Today, two posts from last year that are likely good food for thought now – because the results could be powerful, but planning (and advertising) will be required.

Behold the Summer Debrief!

Pretty soon your students will flock back to campus, ready to hit the ground running with a new season of college ministry.

Not. So. Fast.

Just as it’s important to follow a Big Event or a Spring Break Mission Trip with a debrief, you should consider holding a debrief for your returning students. Just because their activities weren’t part of your college ministry doesn’t mean they shouldn’t process together what the Lord has done. (In fact, some students’ activities might not have been ministry-related at all, but why not consider what God taught them through a summer internship or vacation with the family?)

I’ve written before about debriefing mission trips:

A purposeful Debrief is one of the best opportunities to help students “lock in” what they’ve learned over the course of a trip – as well as allowing the fruit to “ferment” and grow, as students and leaders share with each other what they noticed, realized, and gained from the trip.

A Debrief serves an evaluative purpose, too, as we ask, “What could we do better next time?,” “What was the most effective thing we did?,” and related questions.

…as well as our college ministry activities:

We can ask students the growth-related questions, too: “What did you get out of this week’s teaching?” “How did that ‘Night of Worship’ impact you?” “What did you realize while you were serving yesterday morning?” “What steps will you take to apply the series we just finished in small groups?”

Couldn’t each of these points apply to debriefing how students spent their summers, too?

Of course, since they’ve all done different things, debriefing may look different. I see a few options; maybe you see more:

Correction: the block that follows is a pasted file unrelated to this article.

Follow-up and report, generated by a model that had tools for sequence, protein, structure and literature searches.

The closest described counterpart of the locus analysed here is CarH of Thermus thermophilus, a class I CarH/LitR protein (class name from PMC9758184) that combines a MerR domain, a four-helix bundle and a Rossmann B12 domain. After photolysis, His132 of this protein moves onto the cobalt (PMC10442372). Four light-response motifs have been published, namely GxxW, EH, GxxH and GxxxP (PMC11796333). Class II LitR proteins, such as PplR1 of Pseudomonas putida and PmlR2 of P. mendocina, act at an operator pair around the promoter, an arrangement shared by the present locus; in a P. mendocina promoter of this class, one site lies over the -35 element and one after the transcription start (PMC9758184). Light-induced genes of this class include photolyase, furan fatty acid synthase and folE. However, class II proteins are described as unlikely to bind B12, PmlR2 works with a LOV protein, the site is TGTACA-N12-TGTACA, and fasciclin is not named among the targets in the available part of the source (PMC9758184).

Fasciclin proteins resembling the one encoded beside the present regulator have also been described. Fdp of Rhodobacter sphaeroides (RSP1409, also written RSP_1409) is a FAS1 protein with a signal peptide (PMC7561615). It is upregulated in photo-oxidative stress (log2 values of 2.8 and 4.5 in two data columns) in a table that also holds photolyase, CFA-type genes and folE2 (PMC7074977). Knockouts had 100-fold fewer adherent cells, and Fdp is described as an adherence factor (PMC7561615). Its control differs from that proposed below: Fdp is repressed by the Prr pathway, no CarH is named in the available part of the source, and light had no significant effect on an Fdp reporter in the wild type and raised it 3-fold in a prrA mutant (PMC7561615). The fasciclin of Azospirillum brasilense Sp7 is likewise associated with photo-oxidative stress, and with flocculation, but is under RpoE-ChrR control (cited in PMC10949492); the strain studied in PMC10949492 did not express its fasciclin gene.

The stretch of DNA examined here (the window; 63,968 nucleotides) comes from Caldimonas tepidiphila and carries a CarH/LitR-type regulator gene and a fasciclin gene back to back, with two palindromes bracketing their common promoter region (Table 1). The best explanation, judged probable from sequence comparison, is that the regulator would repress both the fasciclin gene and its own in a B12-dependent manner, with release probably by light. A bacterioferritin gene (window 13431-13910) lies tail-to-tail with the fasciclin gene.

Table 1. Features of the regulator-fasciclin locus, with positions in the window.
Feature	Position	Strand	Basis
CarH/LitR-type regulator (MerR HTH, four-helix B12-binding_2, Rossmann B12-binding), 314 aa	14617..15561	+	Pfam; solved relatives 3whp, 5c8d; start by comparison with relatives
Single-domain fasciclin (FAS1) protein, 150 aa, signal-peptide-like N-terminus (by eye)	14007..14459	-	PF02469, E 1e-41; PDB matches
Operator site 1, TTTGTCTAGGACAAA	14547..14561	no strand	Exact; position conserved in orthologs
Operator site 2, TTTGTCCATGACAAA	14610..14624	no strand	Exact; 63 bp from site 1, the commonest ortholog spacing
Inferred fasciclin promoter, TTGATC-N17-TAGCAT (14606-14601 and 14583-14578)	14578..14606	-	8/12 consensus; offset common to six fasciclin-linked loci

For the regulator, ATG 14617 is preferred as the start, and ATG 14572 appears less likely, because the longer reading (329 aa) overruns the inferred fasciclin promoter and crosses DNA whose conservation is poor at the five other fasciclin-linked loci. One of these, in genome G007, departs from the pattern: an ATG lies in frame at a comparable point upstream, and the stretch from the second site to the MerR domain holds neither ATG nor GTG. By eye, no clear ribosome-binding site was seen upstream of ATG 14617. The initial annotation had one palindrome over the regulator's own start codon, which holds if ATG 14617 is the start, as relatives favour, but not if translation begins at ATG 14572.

• Hold a large group debrief for all (or some) returning students. They can learn from each other’s various experiences.
  • Debrief students in groups – those who worked, those who did camp, those who did missions, etc.
  • Have students debrief with last semester’s small group leaders, or otherwise debrief in groups of 5 or 10.
  • Debrief students (as much as possible) one-on-one; enlist student leaders or volunteers as needed… even adult volunteers who aren’t normally involved in your ministry (what a cool connection to make at the beginning of a school year).

the post-summer (but pre-fall) reunion

I heard a college minister once encourage other college ministers to organize a “reunion” for all returning students. Right before classes start, or in the first week of school before the first “normal” Large Group Meeting, invite everybody who’d been around last year to come hang out… Don’t advertise this gathering when you’re recruiting new students; it’s just for returning students.

That way, this college minister said, returning students can reconnect with each other, swap stories about the summer, etc. – getting all of that (important reconnection stuff) out of the way. Then they’re ready to be great Hosts for the incoming freshmen and other new students. You need your returning students on point when the new students come, but it’s understandable they’d want to reconnect with old buddies.

This might just help your ministry’s retention rate, too! It’s something for returning students to do right away that’s comfortable and fun and that reminds them of all the reasons they stuck around last year.

Of course, this is also a great time to hold the debrief I discussed above…